Pay It Again, Sam

In my post on present value, I promised to explain how to turn a series of payments into a present value. This is the promised follow-up post.

Nearer and Farther Futures

I'm going to take the existence of a "discount rate" as a given, though I'll discuss it in a later post. For now, it's just the conversion factor you use between the value of something now and the value of something in a year.

I'm going to deal with it in decimal form, so for example if your annual discount rate is 5%, that's the same as 0.05

Chris has a bond that could pay them $1,000 today, or $1,100 in two years. Their discount rate is 4%. How do they use present value to compare these two amounts?

We already know how to compare the value in a year with the value in two years. Just imagine Chris a year in the future. Then the $1,100 payment is only a year away, and dividing by the discount rate,  the present value as of a year in the future is $1,100/1.04

Now we have the value as of a year from today, and we can apply the same conversion; the present value today is the value in a year, divided by the discount factor, or ($1,100/1.04)/1.04=$1,100/(1.04^2)

We can generalize this as

present_value = future_value / ( (1 + discount_rate) ^ time_difference )

A Note on Units

Discount rates are usually given in annual terms. If you are trying to discount over days or months instead of years, just use the appropriate fraction of the year as the time_difference. For example, a payment in one month has a time_difference of 1/12. Many common calculating tools, such as Excel, WolframAlpha, and Google, can handle fractional exponents just fine.

I'm not going to explain what they mean exactly, but basically if you multiply 1.04^(1/12) by itself 12 times, you'll get 1.04. So that's the rate you'd have to compound interest at monthly, to get an annual rate of 4%.


Discounting Multiple Payments

OK, so what if there's a stream of more than one payment? Well, you just calculate the present value of each, and add them up. So if you're trying to figure out how much an annual income of $50,000 for 30 years is worth to you today, you can just calculate the present value of each year's income, and add them all up.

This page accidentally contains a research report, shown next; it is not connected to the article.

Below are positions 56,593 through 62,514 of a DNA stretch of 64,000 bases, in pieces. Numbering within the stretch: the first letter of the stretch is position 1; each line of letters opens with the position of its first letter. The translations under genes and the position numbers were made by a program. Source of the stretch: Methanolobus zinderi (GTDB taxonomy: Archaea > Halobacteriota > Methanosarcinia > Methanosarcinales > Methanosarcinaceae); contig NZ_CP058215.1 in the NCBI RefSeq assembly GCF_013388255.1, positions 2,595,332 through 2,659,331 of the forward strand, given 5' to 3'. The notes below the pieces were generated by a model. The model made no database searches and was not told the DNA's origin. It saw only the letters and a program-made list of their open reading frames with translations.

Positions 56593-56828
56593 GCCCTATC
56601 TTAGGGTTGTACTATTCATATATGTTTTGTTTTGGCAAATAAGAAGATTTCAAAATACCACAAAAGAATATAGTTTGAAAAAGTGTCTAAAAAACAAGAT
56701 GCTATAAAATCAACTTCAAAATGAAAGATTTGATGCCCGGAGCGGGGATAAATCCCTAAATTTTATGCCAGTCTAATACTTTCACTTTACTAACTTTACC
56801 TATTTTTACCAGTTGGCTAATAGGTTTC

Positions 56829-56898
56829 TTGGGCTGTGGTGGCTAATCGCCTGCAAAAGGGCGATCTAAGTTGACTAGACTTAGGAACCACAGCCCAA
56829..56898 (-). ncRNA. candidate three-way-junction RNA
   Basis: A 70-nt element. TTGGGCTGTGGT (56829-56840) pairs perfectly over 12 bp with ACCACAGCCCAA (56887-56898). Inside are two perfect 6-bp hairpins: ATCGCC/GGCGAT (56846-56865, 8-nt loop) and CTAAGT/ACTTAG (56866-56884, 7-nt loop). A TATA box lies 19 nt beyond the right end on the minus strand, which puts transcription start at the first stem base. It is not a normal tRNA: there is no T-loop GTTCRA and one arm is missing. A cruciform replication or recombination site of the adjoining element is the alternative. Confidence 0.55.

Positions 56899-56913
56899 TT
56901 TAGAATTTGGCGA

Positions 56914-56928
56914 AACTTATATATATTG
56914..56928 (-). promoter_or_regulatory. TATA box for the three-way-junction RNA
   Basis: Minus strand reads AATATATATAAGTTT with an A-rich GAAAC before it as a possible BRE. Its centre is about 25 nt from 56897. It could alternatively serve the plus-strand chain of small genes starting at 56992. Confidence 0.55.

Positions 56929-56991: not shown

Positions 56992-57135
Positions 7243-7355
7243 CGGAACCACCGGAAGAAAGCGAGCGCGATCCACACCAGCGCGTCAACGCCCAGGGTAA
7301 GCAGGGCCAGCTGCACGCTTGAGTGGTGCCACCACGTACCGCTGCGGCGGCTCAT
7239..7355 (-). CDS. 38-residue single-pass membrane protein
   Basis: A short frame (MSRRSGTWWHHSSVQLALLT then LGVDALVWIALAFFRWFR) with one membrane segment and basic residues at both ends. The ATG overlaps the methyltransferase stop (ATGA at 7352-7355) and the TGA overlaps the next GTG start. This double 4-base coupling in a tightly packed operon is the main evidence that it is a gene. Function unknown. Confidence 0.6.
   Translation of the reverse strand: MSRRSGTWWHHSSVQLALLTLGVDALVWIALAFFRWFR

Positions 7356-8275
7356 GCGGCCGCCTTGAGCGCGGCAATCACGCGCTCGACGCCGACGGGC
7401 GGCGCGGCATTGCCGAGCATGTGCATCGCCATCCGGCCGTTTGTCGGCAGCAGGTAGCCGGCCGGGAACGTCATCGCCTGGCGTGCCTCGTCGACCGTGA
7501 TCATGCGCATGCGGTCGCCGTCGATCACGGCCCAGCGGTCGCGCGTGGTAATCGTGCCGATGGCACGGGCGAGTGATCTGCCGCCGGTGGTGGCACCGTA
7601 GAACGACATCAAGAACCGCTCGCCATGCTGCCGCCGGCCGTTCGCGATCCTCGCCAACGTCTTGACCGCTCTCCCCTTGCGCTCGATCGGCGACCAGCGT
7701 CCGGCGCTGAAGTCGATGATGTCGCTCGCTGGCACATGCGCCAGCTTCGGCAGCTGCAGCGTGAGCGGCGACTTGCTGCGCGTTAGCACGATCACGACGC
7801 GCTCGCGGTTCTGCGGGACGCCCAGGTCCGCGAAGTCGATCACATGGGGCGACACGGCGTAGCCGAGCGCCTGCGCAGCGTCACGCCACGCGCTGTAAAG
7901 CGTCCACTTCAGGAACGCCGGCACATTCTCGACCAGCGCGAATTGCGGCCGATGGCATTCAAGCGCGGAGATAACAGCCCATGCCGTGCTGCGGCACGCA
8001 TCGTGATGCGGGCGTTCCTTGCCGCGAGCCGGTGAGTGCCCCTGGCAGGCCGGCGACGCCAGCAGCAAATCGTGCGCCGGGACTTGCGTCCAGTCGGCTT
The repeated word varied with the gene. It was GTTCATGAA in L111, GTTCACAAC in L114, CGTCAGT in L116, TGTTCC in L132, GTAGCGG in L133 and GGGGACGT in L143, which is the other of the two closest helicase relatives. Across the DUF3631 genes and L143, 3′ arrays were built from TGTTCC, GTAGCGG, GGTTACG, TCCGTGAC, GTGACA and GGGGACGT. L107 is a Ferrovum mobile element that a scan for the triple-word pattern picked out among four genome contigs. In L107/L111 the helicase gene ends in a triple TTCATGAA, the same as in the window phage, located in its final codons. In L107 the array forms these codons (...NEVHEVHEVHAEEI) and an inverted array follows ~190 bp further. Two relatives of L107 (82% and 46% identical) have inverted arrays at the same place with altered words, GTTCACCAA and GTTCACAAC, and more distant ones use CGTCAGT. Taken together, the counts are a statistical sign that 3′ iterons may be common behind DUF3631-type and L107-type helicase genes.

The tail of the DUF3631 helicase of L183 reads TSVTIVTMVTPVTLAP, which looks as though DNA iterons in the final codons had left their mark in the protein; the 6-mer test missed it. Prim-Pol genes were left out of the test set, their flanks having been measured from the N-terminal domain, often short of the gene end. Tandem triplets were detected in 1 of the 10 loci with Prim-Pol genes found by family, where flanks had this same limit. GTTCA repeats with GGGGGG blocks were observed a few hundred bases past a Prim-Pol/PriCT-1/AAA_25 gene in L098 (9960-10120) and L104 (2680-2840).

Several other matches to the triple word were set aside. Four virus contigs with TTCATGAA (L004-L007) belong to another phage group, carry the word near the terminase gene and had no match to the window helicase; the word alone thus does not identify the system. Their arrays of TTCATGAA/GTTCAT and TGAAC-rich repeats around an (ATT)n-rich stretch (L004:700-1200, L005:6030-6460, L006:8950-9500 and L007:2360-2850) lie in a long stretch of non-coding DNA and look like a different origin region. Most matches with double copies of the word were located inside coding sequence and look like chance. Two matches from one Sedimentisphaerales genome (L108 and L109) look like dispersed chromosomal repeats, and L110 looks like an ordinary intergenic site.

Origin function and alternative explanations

This sounds like a lot of work, but there are calculating tools that can help you. Here is the annual calculation in Wolfram Alpha, using mathematical summation notation. I assumed that you only get one paycheck per year, at the end of the year. If you want to assume you get paid at the beginning of the year, just sum from 0 to 29 instead of 1 to 30.

If (more realistically) you get payments twice a month, just proceed by 24ths.

Excel also has functions you can use, PV() and NPV(), that ask for your discount rate, the payment amount, and the number of payment periods. and return a present value.


Perpetuities: A Neat Shortcut

What happens if you want to value a stream of payments continuing forever? You might think that this would eventually add up to infinite present value even if your discount rate is high. But if you're using a fixed discount rate, that's not actually true.

It turns out that there's a simple formula for the value of a "perpetuity," a set of periodic payments continuing forever, starting one period in the future. It's the payment amount, divided by the discount rate. If you like math puzzles, you can work out for yourself why this is the case - or look up the explanation - or if that's not clear to you, let me know and I'll write something up.


present_value_of_perpetuity = payment_amount / discount_rate

For example, let's say Dana owns preferred stock that pays  $1,000 in a year, and every year thereafter, forever.  Dana's discount rate is 5%. The present value of this is:

$1,000 / 0.05 = $20,000.

The first important thing about this is that since nothing takes longer than forever, any finite series of constant payments will never be worth as much as the perpetuity with the same payment size. So the value of a perpetuity is an upper bound, and one you can calculate very fast.

Suppose Dana's payments only lasted for 50 years. She did a PV calculation and got a value of $30,000, but the PV calculation is tricky and she wants to know if this is right. She can do the perpetuity calculation in a few seconds and see that her number is impossibly high. She rechecks her numbers and finds that the present value is $18,255.93

The second way this is useful is that many long series of payments are pretty close to the value of a perpetuity. You may have noticed that the value of the 50-year series of payments was close to the perpetuity value Dana first calculated. The reason for this is the same reason a perpetuity has a finite value in the first place: because discounting compounds, most of the value of a perpetuity is in the first few years.


In sum:

  • present_value = future_value / ( (1 + discount_rate) ^ time_difference )
  • The present value of a series of payments is the sum of the present values of each payment
  • There are lots of calculating tools that will take care of tedious calculations like this for you
  • present_value_of_perpetuity = payment_amount / discount_rate
  • The present value of a long series of constant payments is close to the present value of the perpetuity with the same payment.

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